3.5 million injury free shifts for Kagem Mining
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Kagem Mining Limited has recorded 3.5 million injury free shifts, which sets an admirable safety record for the Zambian mining industry.
The company is 75 per cent owned by Gemfields plc: a mining company listed on the London Stock Exchange (LSE), in partnership with the Zambian Government, which owns the other 25 per cent.
Lufwanyama is host to the world’s largest emerald mine and therefore poses a unique challenge to management and workers when considering health and safety.
This milestone reinforces the drive by Kagem and Gemfields to set new standards in the industry and raise the bar for the gem mining sector.
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Minister of Mines, Energy and Water Development, Christopher Yaluma, said: “It is gratifying that Kagem has scored another first in the industry by achieving more than 3 million injury-free shifts; the government is proud to be part of this world class achievement.”
The achievement comes about as a direct result of Kagem’s health and safety policies which require every team member to take responsibility for the ‘safety first’ behavioural culture.
Best practices for health and safety are embedded across both mining and processing operations, with dedicated training and awareness programmes provided to ensure that employees are responsible at corporate and individual levels.
Kagem’s recent CSR projects include provision of a ZESCO powerline, constrtion new facilities at the Chapula Basic School, teachers’ accommodation at Kapila Community School, improvements to Chief Nkana and Chief Lumpuma’s Palaces, the Nkana clinic, and the ‘Blessings’ and ‘Green Farm’ agricultural projects.
Kagem and Gemfields are both clearly leading the employee-driven approach to health and safety; setting the bar so high proves that record breaking health and safety is within every company’s reach; even at the largest emerald mine in the world.
5 minutes with... Janthana Kaenprakhamroy, CEO, Tapoly
Founder and CEO of award-winning insurtech firm Tapoly, Janthana Kaenprakhamroy heads up Europe’s first on-demand insurance platform for the gig economy, winning industry awards, innovating in the digital insurance space, and leading with inclusivity.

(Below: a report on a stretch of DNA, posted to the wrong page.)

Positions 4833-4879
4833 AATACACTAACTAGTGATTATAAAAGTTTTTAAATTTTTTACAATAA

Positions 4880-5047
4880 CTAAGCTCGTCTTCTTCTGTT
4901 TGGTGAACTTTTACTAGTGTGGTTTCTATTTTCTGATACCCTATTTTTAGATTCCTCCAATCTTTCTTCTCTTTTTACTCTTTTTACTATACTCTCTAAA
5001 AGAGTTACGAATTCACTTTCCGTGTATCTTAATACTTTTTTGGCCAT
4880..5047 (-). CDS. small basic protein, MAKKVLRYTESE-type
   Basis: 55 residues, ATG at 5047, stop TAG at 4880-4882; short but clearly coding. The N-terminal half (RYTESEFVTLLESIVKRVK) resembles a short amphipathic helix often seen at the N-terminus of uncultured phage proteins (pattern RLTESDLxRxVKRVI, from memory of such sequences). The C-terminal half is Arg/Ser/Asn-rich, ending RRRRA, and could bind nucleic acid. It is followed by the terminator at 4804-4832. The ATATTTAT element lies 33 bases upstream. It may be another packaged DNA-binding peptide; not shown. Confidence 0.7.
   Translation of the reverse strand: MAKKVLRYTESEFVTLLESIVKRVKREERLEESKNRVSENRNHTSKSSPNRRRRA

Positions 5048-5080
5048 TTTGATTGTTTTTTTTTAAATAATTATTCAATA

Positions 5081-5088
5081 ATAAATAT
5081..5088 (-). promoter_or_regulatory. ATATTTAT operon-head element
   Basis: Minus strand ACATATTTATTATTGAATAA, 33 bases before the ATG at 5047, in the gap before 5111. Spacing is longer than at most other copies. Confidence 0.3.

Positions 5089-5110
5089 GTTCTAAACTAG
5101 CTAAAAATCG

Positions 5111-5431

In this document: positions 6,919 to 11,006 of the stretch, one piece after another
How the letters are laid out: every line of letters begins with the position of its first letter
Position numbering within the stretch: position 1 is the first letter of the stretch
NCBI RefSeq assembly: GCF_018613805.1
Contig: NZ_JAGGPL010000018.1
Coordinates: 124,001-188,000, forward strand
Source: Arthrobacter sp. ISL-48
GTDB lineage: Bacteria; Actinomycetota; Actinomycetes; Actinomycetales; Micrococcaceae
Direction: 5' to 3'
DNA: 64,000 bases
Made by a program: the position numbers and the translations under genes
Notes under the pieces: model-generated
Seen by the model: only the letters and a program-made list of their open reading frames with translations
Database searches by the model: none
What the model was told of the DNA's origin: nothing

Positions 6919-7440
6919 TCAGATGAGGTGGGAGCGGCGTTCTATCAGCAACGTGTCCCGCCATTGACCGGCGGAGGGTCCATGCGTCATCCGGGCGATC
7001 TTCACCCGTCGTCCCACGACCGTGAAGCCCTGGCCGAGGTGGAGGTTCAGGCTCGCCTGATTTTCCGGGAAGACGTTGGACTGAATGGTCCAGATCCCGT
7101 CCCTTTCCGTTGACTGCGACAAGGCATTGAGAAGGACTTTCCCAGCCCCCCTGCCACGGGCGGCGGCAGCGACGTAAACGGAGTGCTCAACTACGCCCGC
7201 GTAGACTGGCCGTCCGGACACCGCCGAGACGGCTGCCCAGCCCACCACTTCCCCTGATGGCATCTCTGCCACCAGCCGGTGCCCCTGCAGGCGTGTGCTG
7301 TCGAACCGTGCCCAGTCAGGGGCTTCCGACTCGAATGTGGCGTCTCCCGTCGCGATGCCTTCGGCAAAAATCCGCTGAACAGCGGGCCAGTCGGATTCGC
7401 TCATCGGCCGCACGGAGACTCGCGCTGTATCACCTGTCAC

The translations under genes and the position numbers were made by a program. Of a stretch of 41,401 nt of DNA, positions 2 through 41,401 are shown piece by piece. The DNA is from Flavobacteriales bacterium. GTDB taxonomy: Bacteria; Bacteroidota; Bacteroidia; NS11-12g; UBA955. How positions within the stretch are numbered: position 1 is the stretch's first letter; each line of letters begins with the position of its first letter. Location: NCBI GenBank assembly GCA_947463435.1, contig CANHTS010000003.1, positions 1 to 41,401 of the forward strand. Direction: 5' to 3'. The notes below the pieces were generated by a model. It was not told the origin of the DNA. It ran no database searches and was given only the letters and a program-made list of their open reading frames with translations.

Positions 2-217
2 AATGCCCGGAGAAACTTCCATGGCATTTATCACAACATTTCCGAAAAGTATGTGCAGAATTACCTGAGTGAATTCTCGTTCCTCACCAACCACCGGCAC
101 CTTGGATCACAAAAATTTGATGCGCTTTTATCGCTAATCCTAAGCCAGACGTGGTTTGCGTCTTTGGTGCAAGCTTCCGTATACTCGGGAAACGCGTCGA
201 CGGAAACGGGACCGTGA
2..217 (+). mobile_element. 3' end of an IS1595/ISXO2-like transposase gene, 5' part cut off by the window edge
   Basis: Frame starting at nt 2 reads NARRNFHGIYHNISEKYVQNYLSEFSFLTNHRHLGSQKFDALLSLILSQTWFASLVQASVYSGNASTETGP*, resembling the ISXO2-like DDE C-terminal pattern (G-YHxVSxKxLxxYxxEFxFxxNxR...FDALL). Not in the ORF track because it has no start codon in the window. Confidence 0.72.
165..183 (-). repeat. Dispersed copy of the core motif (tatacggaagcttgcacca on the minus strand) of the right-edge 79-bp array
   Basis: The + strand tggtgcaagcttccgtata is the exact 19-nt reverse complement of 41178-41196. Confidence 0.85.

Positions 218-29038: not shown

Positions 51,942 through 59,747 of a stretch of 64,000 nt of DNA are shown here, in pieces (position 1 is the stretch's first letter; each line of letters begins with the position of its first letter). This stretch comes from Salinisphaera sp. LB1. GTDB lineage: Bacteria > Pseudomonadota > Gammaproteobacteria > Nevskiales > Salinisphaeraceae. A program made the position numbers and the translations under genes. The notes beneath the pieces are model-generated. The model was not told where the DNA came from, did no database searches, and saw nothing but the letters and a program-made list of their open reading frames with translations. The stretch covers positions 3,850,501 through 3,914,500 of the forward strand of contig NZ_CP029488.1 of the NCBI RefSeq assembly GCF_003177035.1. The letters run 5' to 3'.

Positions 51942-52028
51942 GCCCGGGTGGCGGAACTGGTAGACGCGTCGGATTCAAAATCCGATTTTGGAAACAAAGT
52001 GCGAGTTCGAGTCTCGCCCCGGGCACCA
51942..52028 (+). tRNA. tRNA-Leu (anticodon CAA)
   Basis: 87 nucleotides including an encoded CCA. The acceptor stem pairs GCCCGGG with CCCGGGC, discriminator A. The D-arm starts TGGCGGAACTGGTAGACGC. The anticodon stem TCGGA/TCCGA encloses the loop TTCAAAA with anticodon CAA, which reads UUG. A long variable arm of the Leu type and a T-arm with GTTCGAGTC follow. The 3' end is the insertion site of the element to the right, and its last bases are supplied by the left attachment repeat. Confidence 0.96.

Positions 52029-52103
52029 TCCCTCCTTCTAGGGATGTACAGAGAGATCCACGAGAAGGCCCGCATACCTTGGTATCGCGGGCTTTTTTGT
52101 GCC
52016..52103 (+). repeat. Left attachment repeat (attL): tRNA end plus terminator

Here, Business Chief talks to Janthana about her leadership style and skills.
What do you do, in a nutshell?
I’m founder and CEO of Tapoly, a digital MGA providing a full stack of commercial lines insurance specifically for SMEs and freelancers, as well as a SaaS solution to connect insurers with their distribution partners. We build bespoke, end-to-end platforms encompassing the whole customer journey, but can also integrate our APIs within existing systems. We were proud to win Insurance Provider of the Year at the British Small Business Awards 2018 and receive silver in the Insurtech category at the Efma & Accenture Innovation in Insurance Awards 2019.
How would you describe your leadership style?
I try to be as inclusive a leader as possible. I’m committed to creating space for everyone to shine. Many of the roles at Tapoly are performed by women and I speak at industry events to encourage more people to get involved in insurance/insurtech. Similarly, I always try to maintain a growth mindset. I think it’s important to retain values to support learning and development, like reliability, working hard and punctuality.
What’s the best leadership advice you’ve received?
Build your network and seek advice. As a leader, you need smart people around you to help you grow your business. It’s not about personally being the best, but being able to find resources and get help where needed.
How do you see leadership changing in a COVID world?
I think the pandemic has proven the importance of inclusive leadership so that everyone feels supported and valued. It’s also shown the importance of being flexible as a leader. We’ve had to remain adaptable to continue delivering high levels of customer service. This flexibility has also been important when supporting employees as everyone has had individual pressures to deal with during this time. Leaders should continue to embed this flexibility within their organisations moving forward.
They say ‘from every crisis comes opportunity’, what opportunities do you see?
The past year has been challenging, but it has also proven the importance of digital transformation in insurance. When working from home was required, it was much harder for insurers to adjust who had not embedded technology within their operating processes because they did not have data stored in the cloud and it caused communication delays with concerned customers at a time when this communication should have been a priority, which ultimately impacts the level of customer satisfaction. This demonstrates the importance of what we are trying to achieve at Tapoly in driving digitalisation in insurance and making communication between insurers and distribution partners seamless.
What advice would you give to your younger self just starting out in the industry?
Start sooner, don’t be afraid to take (calculated) risks and make sure you raise enough money to get you through the initial seed stage.